Monday, November 28, 2011

Anatomy and Treasures

Schefflera digitata
Business as usual! After a much needed (and well deserved me thinks!) short break it's back again to tending to the garden during the weekends. I was actually really looking forward to it after not seeing the garden properly for several days, almost two weeks in fact. Although we have only been away for a few days the lack of daytime light impedes in seeing the garden properly during the week, being that it's dark when we head off to work and already dark when we get back. So it's only at the weekend that we can give everything a proper look over and continue with things that needs to be done.

The shorter daylight hours in the winter has both bad points and good points; bad being that you only have a short amount of time to get crackin' in the garden with natural light, and good being that at least you are forced to pack up and head indoors much earlier and do something else. Artificial lights are never the same really, you get to see better detail with natural daylight.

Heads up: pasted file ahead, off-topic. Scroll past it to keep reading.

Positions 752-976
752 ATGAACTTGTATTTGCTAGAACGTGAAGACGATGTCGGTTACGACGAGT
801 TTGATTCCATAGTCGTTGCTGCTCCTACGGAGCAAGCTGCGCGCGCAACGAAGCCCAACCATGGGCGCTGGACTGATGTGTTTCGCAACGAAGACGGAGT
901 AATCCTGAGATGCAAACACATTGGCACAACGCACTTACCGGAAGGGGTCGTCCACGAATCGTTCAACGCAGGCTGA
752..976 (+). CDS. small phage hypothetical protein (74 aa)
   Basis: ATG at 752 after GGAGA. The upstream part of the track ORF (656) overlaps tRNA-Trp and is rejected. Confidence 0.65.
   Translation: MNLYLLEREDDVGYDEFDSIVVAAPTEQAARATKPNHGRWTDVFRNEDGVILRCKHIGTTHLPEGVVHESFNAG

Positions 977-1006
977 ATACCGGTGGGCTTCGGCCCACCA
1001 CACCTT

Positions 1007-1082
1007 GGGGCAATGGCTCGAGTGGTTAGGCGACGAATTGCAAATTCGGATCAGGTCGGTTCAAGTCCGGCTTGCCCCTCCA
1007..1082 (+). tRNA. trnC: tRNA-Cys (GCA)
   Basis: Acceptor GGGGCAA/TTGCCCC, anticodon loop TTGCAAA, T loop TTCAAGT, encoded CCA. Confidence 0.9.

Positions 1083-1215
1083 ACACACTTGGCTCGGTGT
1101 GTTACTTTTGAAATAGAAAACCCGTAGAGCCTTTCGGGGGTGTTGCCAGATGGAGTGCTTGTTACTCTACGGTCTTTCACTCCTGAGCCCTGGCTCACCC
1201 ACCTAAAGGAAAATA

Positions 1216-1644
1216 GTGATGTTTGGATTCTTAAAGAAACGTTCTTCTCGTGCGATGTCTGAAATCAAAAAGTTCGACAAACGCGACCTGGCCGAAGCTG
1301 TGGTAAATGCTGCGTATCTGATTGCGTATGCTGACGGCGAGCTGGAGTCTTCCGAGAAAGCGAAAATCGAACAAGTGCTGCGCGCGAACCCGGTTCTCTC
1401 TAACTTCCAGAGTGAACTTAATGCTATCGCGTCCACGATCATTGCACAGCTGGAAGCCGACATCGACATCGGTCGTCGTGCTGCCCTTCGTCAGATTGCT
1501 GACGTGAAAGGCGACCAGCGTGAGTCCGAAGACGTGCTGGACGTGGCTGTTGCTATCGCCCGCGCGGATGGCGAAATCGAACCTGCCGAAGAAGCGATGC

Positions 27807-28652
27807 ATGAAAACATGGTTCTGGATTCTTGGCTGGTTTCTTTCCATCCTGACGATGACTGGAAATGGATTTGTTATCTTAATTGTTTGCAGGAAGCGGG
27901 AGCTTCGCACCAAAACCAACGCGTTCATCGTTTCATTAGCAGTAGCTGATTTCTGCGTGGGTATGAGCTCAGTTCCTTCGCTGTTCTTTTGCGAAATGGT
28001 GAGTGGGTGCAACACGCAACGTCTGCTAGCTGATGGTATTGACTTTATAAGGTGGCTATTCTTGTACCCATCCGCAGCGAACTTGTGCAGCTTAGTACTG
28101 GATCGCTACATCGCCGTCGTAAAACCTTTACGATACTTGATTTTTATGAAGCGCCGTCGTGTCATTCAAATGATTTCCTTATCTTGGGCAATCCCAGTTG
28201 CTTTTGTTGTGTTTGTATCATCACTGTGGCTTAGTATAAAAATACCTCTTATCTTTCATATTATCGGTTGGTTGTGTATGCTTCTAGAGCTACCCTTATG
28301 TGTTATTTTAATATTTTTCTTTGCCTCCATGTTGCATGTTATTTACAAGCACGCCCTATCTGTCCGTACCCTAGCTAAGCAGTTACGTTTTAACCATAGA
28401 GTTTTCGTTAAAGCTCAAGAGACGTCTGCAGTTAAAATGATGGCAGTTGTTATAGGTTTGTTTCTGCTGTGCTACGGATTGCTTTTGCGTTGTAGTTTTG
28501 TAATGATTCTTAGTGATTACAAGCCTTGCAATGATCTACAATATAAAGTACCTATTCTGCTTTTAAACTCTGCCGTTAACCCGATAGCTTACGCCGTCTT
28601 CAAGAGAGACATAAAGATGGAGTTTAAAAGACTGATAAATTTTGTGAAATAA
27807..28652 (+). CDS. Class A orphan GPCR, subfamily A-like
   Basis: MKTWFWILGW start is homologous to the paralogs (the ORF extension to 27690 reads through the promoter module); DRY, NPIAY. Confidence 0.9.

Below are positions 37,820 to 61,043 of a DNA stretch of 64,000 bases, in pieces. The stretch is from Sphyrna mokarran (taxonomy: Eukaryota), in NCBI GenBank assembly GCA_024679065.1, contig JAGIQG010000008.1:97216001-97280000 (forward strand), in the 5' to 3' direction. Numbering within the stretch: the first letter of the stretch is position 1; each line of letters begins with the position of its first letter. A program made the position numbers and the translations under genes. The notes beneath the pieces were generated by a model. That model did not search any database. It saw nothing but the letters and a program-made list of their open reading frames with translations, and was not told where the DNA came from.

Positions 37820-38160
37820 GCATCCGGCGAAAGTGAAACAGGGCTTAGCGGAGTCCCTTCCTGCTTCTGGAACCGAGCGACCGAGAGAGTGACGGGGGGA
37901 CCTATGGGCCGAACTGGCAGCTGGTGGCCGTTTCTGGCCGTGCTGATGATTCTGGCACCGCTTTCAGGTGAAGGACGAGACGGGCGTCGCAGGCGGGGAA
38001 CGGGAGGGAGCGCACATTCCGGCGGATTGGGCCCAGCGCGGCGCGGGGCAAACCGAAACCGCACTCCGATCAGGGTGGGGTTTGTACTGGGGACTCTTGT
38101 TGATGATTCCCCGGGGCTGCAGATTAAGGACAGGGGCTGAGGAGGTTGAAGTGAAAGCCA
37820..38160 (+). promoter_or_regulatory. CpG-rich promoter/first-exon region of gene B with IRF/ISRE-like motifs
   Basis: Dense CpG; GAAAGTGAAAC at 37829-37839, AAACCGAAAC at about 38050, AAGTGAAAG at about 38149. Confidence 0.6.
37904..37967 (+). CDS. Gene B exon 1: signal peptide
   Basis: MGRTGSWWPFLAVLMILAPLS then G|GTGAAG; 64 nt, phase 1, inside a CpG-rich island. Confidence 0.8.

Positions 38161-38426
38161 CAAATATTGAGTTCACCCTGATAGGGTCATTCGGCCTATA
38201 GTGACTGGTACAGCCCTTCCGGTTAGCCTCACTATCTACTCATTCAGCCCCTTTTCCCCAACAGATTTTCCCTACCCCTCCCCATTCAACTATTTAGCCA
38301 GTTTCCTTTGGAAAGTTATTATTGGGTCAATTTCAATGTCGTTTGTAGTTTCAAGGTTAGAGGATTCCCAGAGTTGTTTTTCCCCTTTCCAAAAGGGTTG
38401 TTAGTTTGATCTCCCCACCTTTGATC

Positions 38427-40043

In the summer we can continue outdoors till nine in the evening, now we start packing up just before four. I'm still getting used to the routine of being indoors relatively early but it's good to be able to catch up on a few more 'indoorsy' activities that gets sidelined in the summer. Mind you, we don't exactly stay indoors most of the time. Four pm is still early and there's plenty of time to go shopping and places after being in the garden, fantastic!

By the way, if the title seems disjointed it's because this entry is actually a small collection of updates of what we got up to last weekend. It'll make sense pretty soon!

The Heart of the Pond